So if I'm honest with myself and true to myself and play when I want to play, I do pretty well.

Q. Early in the interview, it sounded like maybe your approach, at least this week or this year, may be a little different that you're not really thinking about the score, you're thinking about your game; is that true?

HARRISON FRAZAR: I would actually say it's probably opposite of that.

I've had so many good shots and so many bad shots and I've played some of my best tournaments hitting bad and some of my worst tournaments hitting good. It just doesn't matter, to be honest with you. I think I'm finally figuring it out. If you're not paying attention to how you're scoring, what good does it do to hit perfect tee shots? You've got to play the golf course and play smart, realize what you're doing well, what you're doing bad and just try to make the most of it as you go along.

So I'm actually focusing less on how I'm hitting it and my golf swing. That's one of the things that my support group, my teacher and my psychologist, everybody around me, what we've all decided this off-season is to spend more time on the scoring aspect of the game and the ball-striking. And who cares, if you hit seven fairways and still manage to shoot even par or 1-under, that's not too bad, because you're going to have your good days. But when you are focussed on your short game and all of the sudden you do start hitting it good, next thing you know, you're not even paying attention, but you shot a 7-under.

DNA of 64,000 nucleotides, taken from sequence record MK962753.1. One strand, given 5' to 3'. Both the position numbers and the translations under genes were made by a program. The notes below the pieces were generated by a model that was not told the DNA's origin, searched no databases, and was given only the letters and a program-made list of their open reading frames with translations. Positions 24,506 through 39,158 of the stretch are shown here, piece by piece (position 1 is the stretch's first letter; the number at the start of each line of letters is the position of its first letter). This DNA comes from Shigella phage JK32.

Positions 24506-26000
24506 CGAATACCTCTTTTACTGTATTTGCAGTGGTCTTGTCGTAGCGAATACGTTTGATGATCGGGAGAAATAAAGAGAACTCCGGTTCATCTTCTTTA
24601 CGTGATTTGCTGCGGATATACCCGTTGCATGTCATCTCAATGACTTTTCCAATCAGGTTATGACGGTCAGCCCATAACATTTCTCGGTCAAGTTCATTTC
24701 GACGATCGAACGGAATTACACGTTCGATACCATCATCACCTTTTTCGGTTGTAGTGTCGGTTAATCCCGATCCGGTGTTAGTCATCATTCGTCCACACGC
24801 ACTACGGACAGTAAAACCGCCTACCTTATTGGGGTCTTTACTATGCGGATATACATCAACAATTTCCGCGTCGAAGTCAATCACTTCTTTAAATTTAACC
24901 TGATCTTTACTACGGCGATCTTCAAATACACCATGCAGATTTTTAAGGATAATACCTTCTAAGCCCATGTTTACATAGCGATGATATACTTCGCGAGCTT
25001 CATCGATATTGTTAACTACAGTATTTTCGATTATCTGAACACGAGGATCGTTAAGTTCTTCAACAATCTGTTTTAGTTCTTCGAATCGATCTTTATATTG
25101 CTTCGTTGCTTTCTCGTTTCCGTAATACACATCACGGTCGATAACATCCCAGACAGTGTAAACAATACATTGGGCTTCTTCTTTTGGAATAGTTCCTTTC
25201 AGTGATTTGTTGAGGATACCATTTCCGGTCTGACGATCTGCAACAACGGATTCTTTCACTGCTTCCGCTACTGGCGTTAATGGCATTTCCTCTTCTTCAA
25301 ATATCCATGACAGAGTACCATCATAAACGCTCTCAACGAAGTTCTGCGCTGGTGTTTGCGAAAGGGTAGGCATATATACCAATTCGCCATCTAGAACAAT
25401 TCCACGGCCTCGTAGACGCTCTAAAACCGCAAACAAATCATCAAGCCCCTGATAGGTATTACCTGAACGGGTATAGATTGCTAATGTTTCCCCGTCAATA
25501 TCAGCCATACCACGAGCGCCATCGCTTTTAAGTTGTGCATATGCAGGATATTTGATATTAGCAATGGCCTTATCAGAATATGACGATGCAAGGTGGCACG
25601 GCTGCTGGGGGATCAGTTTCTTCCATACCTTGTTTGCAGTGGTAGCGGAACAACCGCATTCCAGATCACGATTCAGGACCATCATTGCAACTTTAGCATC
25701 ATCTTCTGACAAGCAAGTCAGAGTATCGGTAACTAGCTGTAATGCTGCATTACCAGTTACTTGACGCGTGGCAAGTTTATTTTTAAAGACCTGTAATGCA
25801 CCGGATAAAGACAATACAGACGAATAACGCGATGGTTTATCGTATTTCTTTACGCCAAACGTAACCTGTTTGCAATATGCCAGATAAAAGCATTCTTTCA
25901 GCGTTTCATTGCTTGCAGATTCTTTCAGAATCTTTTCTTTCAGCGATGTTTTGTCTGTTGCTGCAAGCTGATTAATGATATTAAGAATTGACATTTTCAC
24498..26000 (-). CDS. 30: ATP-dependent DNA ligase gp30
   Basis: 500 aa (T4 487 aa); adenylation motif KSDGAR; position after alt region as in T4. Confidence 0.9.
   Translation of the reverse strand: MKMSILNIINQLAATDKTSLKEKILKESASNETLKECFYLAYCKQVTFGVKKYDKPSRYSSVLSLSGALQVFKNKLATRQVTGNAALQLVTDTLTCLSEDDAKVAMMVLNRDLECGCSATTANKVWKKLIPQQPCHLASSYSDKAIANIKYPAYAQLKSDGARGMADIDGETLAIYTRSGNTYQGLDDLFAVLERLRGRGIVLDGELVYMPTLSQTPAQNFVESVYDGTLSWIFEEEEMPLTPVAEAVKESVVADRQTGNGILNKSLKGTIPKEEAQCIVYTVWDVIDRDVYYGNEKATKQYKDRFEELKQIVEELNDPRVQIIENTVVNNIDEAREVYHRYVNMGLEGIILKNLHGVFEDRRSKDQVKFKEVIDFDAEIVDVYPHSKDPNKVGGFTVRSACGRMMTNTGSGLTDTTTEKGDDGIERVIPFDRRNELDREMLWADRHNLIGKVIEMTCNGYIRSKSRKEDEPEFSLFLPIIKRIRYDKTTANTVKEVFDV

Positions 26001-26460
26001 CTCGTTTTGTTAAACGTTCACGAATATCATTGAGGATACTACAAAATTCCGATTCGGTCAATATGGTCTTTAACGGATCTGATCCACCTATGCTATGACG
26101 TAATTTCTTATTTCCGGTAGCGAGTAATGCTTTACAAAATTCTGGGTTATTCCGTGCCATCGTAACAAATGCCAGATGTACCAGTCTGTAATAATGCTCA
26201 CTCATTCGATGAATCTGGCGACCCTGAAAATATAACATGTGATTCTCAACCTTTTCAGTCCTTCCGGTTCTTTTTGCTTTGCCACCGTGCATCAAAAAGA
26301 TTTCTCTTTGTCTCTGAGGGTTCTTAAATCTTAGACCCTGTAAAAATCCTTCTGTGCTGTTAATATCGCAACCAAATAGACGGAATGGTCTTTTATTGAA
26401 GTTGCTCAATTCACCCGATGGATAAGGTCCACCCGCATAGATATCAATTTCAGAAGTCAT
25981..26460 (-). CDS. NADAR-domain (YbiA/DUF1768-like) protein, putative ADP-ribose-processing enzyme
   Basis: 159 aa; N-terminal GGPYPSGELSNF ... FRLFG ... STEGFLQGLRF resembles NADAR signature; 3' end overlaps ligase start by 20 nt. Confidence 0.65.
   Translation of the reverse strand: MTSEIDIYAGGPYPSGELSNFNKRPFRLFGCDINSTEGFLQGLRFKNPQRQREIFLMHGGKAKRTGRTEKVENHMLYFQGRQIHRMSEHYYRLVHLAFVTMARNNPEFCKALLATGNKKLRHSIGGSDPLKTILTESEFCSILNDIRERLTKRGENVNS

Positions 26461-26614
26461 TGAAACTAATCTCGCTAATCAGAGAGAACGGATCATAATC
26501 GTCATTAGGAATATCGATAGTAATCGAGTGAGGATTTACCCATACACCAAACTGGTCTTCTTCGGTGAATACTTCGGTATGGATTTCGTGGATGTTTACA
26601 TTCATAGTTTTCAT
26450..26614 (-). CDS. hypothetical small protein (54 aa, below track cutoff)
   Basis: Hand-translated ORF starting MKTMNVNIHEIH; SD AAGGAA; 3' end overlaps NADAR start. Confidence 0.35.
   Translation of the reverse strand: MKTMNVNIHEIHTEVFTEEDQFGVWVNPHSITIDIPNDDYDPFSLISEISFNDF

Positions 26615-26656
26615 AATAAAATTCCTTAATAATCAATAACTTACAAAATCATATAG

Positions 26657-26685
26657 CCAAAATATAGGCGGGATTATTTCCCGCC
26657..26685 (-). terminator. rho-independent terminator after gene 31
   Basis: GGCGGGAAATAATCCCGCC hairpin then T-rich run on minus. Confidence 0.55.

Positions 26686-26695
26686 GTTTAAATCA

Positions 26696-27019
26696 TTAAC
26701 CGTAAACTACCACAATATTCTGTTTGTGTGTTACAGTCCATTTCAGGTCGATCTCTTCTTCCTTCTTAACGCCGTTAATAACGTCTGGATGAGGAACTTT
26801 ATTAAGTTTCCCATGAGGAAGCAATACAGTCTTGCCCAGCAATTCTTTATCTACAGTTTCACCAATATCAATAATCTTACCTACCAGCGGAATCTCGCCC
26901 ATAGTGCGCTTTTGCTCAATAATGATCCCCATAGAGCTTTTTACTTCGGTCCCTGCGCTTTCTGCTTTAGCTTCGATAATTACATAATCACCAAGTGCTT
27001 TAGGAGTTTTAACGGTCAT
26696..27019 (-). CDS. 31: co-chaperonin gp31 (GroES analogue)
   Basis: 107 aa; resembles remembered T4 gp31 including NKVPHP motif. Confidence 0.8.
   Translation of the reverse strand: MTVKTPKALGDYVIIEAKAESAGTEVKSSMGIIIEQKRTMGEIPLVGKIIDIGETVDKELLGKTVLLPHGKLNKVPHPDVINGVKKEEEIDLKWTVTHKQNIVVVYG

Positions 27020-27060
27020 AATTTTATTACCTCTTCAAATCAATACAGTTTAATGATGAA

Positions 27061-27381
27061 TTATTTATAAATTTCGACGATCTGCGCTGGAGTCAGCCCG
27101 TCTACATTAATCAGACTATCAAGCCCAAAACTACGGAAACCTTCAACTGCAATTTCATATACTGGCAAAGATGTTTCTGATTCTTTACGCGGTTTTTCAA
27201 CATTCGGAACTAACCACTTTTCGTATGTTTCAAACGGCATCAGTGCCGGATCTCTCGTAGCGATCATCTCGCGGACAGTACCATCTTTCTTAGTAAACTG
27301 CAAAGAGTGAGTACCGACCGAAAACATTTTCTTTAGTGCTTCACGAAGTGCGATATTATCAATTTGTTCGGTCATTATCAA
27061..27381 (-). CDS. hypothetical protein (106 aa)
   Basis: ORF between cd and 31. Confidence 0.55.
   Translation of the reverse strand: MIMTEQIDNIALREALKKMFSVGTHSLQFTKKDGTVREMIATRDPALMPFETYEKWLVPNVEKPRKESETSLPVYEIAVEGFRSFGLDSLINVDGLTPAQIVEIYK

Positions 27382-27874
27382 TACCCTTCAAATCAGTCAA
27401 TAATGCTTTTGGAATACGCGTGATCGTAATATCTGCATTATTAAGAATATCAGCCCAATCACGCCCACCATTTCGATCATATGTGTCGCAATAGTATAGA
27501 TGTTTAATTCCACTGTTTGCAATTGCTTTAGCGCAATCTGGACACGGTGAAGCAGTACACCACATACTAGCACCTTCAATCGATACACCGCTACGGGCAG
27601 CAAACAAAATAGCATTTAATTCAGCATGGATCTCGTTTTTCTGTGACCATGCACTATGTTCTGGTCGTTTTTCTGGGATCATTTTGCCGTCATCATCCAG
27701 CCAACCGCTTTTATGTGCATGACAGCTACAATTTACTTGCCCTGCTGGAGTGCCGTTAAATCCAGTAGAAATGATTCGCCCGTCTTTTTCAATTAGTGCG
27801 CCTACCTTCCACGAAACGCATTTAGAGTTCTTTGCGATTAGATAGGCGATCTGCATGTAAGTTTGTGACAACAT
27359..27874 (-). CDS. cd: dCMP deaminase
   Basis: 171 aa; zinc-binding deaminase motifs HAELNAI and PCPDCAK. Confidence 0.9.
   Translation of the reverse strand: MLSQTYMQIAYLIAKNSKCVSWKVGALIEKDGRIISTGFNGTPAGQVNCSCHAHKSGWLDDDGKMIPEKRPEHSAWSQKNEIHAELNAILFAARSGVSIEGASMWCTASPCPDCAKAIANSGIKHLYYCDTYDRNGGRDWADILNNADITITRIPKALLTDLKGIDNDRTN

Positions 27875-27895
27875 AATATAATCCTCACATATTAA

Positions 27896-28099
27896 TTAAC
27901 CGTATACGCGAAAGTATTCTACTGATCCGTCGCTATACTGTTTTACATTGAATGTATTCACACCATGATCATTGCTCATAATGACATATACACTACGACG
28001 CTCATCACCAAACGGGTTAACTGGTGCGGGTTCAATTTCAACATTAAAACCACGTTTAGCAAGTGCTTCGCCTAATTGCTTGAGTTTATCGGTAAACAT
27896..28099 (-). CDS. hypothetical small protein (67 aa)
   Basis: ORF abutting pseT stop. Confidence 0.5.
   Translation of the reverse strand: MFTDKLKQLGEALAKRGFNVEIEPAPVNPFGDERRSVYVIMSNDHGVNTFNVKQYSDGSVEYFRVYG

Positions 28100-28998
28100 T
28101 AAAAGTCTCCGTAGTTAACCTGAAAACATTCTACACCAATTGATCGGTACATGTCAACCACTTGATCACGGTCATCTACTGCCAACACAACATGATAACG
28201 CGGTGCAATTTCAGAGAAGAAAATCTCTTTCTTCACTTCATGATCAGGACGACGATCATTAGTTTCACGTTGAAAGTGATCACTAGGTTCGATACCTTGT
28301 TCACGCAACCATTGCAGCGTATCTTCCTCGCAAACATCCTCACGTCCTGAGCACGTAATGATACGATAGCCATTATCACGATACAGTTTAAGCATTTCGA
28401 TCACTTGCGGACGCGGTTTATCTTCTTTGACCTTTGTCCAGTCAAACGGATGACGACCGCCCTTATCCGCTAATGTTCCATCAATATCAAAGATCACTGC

Q. Does that make you more of a leaderboard watcher as the tournament progresses?

HARRISON FRAZAR: I don't watch it much. I'll look at it occasionally during the round, more than anything, to try to motivate myself a little bit. If I'm not feeling like I'm getting anything in the hole or if I feel like the golf course is getting hard, I like to look up there and see that, you know, hey, so and so is playing well, this is doable out here, come on. I kind of use it as that frame of reference for myself.

At the same time if you're not playing well, you look at it and you see somebody 12-under and you're sitting at even par, you can beat yourself up over it if you don't look at it the right way. You can think: "I can't reach that." But it depends on how you look at it I guess. I trying to try to look at it in ways that are going to make me feel better.

JOHN BUSH: Thank you, Harrison.

End of FastScripts.